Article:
Home Technology Philips’ Future Health Index 2022 report shows healthcare leaders are rebooting priorities as they emerge from the pandemic

Philips’ Future Health Index 2022 report shows healthcare leaders are rebooting priorities as they emerge from the pandemic

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 Nearly 3,000 healthcare leaders across 15 countries reveal how they are harnessing the power of data and digital technology to address their biggest challenges

Improving staff satisfaction and retention is a top priority for healthcare leaders, today and three years from now

One in five (22%) healthcare leaders use predictive analytics for diagnostic guidance, with 68% agreeing predictive analytics can have a positive impact on improving health inequality

Report indicates challenges still exist, with 46% of healthcare leaders viewing data as more of a burden than an asset

Amsterdam, The Netherlands – Royal Philips (NYSE: PHG, AEX: PHIA), a global leader in health technology, today announced the publication of its Future Health Index (FHI) 2022 report: ‘Healthcare hits reset: Priorities shift as healthcare leaders navigate a changed world’. Now in its seventh year, the Future Health Index 2022 report, based on proprietary research from almost 3,000 respondents conducted across 15 countries, explores how healthcare leaders are harnessing the power of data and digital technology as they look to address their key challenges coming out of the pandemic.

The 2022 report paints a picture of a sector that is radically re-evaluating priorities as it strives to deliver improved patient care. “As we emerge from the pandemic, healthcare leaders worldwide are embarking on a reboot,” said Jan Kimpen, Chief Medical Officer, Philips. “Many are refocusing on both new and existing priorities, from addressing staff shortages and extending care delivery, to leveraging big data and predictive analytics.”

Staff satisfaction and retention top the priority list for healthcare leaders

Globally, around one in three healthcare leaders (30%) say staff satisfaction and retention combined is a top priority. However, what is driving this priority differs from country to country. For example, in the USA and Germany staff satisfaction and retention is driven by the ‘great resignation’. In India, the ever-increasing demand for more healthcare professionals is the predominant driver. Across all countries, healthcare leaders’ investments in digital technologies will help to improve the staff experience.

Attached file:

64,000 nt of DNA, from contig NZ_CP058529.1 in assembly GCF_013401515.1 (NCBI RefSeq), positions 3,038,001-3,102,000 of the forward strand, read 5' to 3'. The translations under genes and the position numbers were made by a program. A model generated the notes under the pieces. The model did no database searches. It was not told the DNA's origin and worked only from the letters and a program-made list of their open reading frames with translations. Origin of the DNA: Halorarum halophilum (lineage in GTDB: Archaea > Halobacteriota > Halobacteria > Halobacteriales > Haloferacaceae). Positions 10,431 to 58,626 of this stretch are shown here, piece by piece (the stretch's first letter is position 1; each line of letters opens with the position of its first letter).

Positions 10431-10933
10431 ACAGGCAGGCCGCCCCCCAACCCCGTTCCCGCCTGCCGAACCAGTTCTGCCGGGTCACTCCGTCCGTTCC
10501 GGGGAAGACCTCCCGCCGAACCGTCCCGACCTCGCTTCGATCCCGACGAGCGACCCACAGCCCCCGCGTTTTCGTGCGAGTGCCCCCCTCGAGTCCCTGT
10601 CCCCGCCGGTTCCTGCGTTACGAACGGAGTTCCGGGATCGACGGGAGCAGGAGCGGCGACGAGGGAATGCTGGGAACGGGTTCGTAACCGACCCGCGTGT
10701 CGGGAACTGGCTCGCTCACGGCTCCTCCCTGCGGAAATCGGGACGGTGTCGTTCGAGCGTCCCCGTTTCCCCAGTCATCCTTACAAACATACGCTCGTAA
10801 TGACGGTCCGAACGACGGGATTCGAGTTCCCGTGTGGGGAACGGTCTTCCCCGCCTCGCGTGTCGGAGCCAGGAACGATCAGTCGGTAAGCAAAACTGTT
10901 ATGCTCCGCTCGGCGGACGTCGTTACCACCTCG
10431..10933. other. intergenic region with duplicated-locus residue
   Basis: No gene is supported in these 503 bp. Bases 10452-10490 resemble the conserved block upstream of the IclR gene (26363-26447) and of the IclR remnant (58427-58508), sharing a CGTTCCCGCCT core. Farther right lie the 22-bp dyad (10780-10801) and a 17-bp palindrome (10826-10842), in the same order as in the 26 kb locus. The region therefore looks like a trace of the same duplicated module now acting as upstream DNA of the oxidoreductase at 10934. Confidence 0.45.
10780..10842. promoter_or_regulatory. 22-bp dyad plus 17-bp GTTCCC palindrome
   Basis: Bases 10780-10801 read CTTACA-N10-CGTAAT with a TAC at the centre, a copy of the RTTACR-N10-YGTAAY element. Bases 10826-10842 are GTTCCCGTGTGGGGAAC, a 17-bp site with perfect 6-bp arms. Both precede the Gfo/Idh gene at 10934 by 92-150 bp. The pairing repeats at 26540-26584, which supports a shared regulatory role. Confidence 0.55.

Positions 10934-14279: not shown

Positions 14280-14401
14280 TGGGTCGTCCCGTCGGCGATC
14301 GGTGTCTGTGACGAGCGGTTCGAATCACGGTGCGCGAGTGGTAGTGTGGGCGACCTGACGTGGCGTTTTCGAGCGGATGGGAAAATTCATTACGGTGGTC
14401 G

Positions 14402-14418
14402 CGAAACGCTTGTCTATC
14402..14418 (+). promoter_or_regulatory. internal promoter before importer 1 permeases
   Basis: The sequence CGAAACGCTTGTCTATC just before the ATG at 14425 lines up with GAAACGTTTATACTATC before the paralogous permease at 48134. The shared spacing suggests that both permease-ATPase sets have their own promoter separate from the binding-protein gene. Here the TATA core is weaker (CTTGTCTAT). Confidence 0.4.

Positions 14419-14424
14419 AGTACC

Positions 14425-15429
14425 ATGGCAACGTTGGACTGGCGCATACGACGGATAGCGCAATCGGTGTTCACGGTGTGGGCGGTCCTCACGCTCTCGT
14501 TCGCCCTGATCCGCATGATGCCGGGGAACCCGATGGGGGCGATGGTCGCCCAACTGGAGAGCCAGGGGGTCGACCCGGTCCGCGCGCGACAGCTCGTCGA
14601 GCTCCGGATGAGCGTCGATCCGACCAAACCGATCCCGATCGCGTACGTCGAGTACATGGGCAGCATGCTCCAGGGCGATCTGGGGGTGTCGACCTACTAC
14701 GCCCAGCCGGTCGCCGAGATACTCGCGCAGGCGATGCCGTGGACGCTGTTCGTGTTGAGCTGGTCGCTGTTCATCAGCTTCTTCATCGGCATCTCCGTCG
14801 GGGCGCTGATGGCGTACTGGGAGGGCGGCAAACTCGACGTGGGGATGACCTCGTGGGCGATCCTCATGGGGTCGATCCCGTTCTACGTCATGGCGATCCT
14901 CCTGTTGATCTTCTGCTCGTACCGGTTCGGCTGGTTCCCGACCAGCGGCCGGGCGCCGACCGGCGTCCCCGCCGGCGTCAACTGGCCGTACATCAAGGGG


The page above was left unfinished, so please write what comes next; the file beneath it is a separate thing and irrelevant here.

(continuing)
While data is seen as an enabler, the potential of predictive analytics remains unfulfilled

Healthcare leaders have confidence in predictive analytics with 71% trusting predictive analytics in clinical settings, and 72% in operational settings. Overall, healthcare leaders see the positive impact of predictive analytics, particularly in health outcomes, patient experience and staff experience, and more than half (56%) have already adopted, or are in the process of adopting, predictive analytics in some form. However, uptake remains uneven, with a marked difference in adoption among developed and emerging countries (65% vs 48%). The FHI 2022 research also indicates even those who are furthest along in adoption of predictive analytics are not leveraging the full potential of the technology.

Overcoming the barriers to effective data use is crucial to gain widespread adoption

While confident in the value of data, healthcare leaders remain frustrated by ongoing barriers to effective data usage, including siloed data (51%) and infrastructure limitations (23%). With cyberattacks increasingly targeting the healthcare sector, one in five (21%) cite concerns about data privacy and security as a top barrier to using data to its full potential. They also say greater data security and privacy systems and protocols are the top way to strengthen their trust in predictive analytics in both clinical (38%) and operational (35%) settings. Additionally, only 19% of healthcare leaders have all the internal expertise they need to fully use the data they have available, while 24% cite the availability of data specialists as a top factor in helping to better utilize data. Despite seeing the potential of data, as a result of these frustrations, nearly half of healthcare leaders (48%) view data as more of a burden than an asset today.

Leaders are fast-tracking social responsibility

The pandemic threw a spotlight on health inequality and healthcare leaders are responding. One-quarter (25%) see addressing health inequality as a priority today, compared to only 12% in 2021. Technology can play a part: two in three healthcare leaders (68%) agree that predictive analytics can have a positive impact on helping to reduce health disparities by providing fast and accurate insights on risk scores to help identify more vulnerable groups for proactive planning to help better manage community health issues like disease outbreaks, cancer incidences and more. 

The 2022 report also sees healthcare leaders fast-tracking their sustainability plans. In 2021, just 4% of healthcare leaders worldwide were prioritizing environmental sustainability. This figure has jumped to 24% today; a more than six-fold increase year-over-year.

Since 2016, Philips has conducted original research to help determine the readiness of countries to address global health challenges and build efficient and effective health systems.  For details on the Future Health Index methodology and to access the Future Health Index 2022 report in its entirety, visit our site.



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